Hilltown Voices: Goshen Meltdown ends, organizer to take frigid plunge into Hammond Pond



Last modified: Saturday, April 25, 2015

The 11th annual Goshen Meltdown is over, but organizer Bob Labrie has one last thing to do before officially wrapping things up for this year. This Sunday, Labrie, a captain in the Goshen Fire Department, will live up to his spur-of the-moment challenge to hurl himself into the frigid waters of Hammond Pond.

The Meltdown has become Goshen’s popular harbinger of spring in which people place bets on when the ice on Hammond Pond will give way to a 69-pound cement block. Bets list dates and times, and the closest one without going over wins.

Labrie said that he issued his rather hasty challenge in order to boost ticket sales, and to convince people who were picking dates in May that there would be no ice on the pond at that time.

Labrie’s plunge is scheduled for noon on Sunday. As the time draws near, he is now wondering if there might have been a better way to sell tickets.

“I opened my big mouth a few months ago,” Labrie said. “Maybe I spoke too fast.”

As usual, the various inducements to encourage participation in the Meltdown are all in good fun, with half of the proceeds always going to a worthy cause.

This year, half of the prize money went to Meltdown winner Logan Martin, 16, of Longmeadow. Martin’s pick of 3:59 a.m. April 17 was 18 minutes away from the official time that the Meltdown block broke through the ice, disengaging the clock’s connection to an outlet in the Hammond Pond gatehouse.

Martin’s guess won him $811.

Labrie said that Martin is the youngest person to ever win the contest and that he will likely use the prize money to help pay for his first car.

The Highland Ambulance Building Fund will receive a check totaling $1,218, which is half of the Meltdown proceeds, as well as $407 of direct donations to the cause.

The two ambulances that belong to Highland have been “temporarily” housed in the Goshen Fire Station since 2004, until a suitable location and funding could be raised to pay for the $500,000 facility.

The new building will be 60-feet by 72-feet and will have two ambulance bays, office space, a training room, and a room with a small kitchenette and two beds that will serve as crew quarters.

Michael Rock, service director at Highland Ambulance, said at the beginning of the Meltdown that just over $100,000 had already been raised for the project.

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Chesterfield Historical Society

The Chesterfield Historical Society has been watching over and maintaining some of the town’s most valuable and irreplaceable historical objects since 1951.

The nonprofit organization now hopes for the support its needs to continue its mission of acquiring, preserving, protecting and exhibiting objects of historical value.

The society has been trying to raise money through donations and fundraisers and also hopes to expand its membership so that it can keep up with the rising costs of maintaining and insuring its collections.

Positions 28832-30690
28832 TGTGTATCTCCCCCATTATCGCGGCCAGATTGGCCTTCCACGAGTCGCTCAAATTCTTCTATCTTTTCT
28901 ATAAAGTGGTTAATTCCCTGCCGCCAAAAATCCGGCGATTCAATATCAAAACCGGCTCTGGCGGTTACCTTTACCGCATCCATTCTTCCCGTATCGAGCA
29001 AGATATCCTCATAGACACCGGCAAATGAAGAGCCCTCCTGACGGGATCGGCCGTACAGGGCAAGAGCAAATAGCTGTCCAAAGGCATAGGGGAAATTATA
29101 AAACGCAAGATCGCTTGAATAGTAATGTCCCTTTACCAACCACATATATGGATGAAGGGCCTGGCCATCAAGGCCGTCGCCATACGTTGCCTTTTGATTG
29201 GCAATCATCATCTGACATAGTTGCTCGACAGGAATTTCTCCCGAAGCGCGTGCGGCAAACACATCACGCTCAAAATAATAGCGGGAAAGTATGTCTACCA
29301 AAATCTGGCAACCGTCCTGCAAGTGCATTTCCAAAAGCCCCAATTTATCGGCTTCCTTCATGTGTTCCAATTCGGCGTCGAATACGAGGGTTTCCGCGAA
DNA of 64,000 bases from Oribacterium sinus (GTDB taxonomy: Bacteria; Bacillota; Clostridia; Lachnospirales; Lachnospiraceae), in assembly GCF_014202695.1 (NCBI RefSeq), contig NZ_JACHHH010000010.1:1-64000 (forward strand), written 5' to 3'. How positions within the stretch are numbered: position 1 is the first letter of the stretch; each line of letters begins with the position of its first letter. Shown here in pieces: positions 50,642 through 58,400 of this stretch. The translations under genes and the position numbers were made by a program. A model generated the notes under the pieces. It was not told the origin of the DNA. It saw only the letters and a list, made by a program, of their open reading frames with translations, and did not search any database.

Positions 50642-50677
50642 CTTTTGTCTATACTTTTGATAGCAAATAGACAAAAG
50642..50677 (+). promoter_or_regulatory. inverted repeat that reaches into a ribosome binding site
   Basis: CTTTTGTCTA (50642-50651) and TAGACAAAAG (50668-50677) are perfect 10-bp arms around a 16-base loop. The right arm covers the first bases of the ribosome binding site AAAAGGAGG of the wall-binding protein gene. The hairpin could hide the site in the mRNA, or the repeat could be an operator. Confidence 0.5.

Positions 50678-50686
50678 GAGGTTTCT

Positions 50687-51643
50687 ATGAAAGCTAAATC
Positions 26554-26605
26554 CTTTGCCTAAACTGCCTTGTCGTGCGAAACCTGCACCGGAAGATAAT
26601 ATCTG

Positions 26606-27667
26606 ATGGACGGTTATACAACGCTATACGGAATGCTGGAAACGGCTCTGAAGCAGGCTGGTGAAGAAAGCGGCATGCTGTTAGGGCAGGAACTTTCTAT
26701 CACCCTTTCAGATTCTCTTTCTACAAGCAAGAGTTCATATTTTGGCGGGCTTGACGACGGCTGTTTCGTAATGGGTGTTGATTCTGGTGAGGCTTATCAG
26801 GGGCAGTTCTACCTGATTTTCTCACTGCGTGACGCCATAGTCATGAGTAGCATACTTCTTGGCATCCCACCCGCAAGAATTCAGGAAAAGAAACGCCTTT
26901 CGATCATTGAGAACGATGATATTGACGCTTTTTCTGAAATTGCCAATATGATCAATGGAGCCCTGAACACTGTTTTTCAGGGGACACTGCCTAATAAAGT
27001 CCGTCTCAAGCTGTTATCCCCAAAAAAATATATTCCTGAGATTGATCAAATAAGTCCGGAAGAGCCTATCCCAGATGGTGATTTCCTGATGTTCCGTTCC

Historical Society President Kathie Brisbois said she does not know the exact membership of the society, but said that many are elderly and their participation is limited.

“We have a limited number of members and we are desperately looking for more people, especially younger people, who could help us out,” Brisbois said.

The society hopes to attract volunteers who have talents in leadership, committee work, grant writing and physical labor.

At present, two historic buildings need significant funding.

The Edwards Museum on North Road, and its collections, need maintenance investments. Options that are being discussed include repairs, relocation or possibly even demolition of the building.

The old Bisbee Mill on East Street is also in need of money to correct water damage, repair and maintain its structural integrity, organize its collections and make it safe and secure for public education.

“Last year was the first time that we had the mill open to the public in years, but the mill itself was not running,” Brisbois said. “This year we hope to have a crew to get the grist mill up and running for the public. It is really quite an amazing thing to see and hear.”

The society has also taken on the task of digitizing all of the town’s historical paper documents and photographs.

“The history of our town is important,” Brisbois said. “It is fascinating to see all of these things that take you back in time, and it helps you to imagine and understand what life really used to be like.”

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Exploring Plainfield’s landscape

The Plainfield Historical Society will host a series of interpretive walks through the town’s forested landscape.

Saturday will be the group’s first outing, and it will focus on the Plainfield Aqueduct Co. that was created in 1816 to provide fresh water to the town. The talk will include a look at the historical methods used to pipe water, the use of springs and the local geology.

The event will begin at 1 p.m. with a “history show and tell” behind the Shaw Memorial Library. At 2 p.m. participants will set out on a 2½-mile guided hike.

Terrain will vary greatly and may include some bushwhacking. Boots and appropriate outdoor clothing such as long pants, rain gear and hiking poles are advised.

The event is free and open to the public, and donations are welcome. For more information, call Pleun Bouricius at 634-2250. To download a map of the trip, go to plainfieldmahistory.org.

Other walks will take place at 1 p.m. on June 7, July 12, Aug. 16 and Oct. 10.

Ideas for this column on life in the Hilltowns, can be sent to Fryan.gazette@gmail.com.


 


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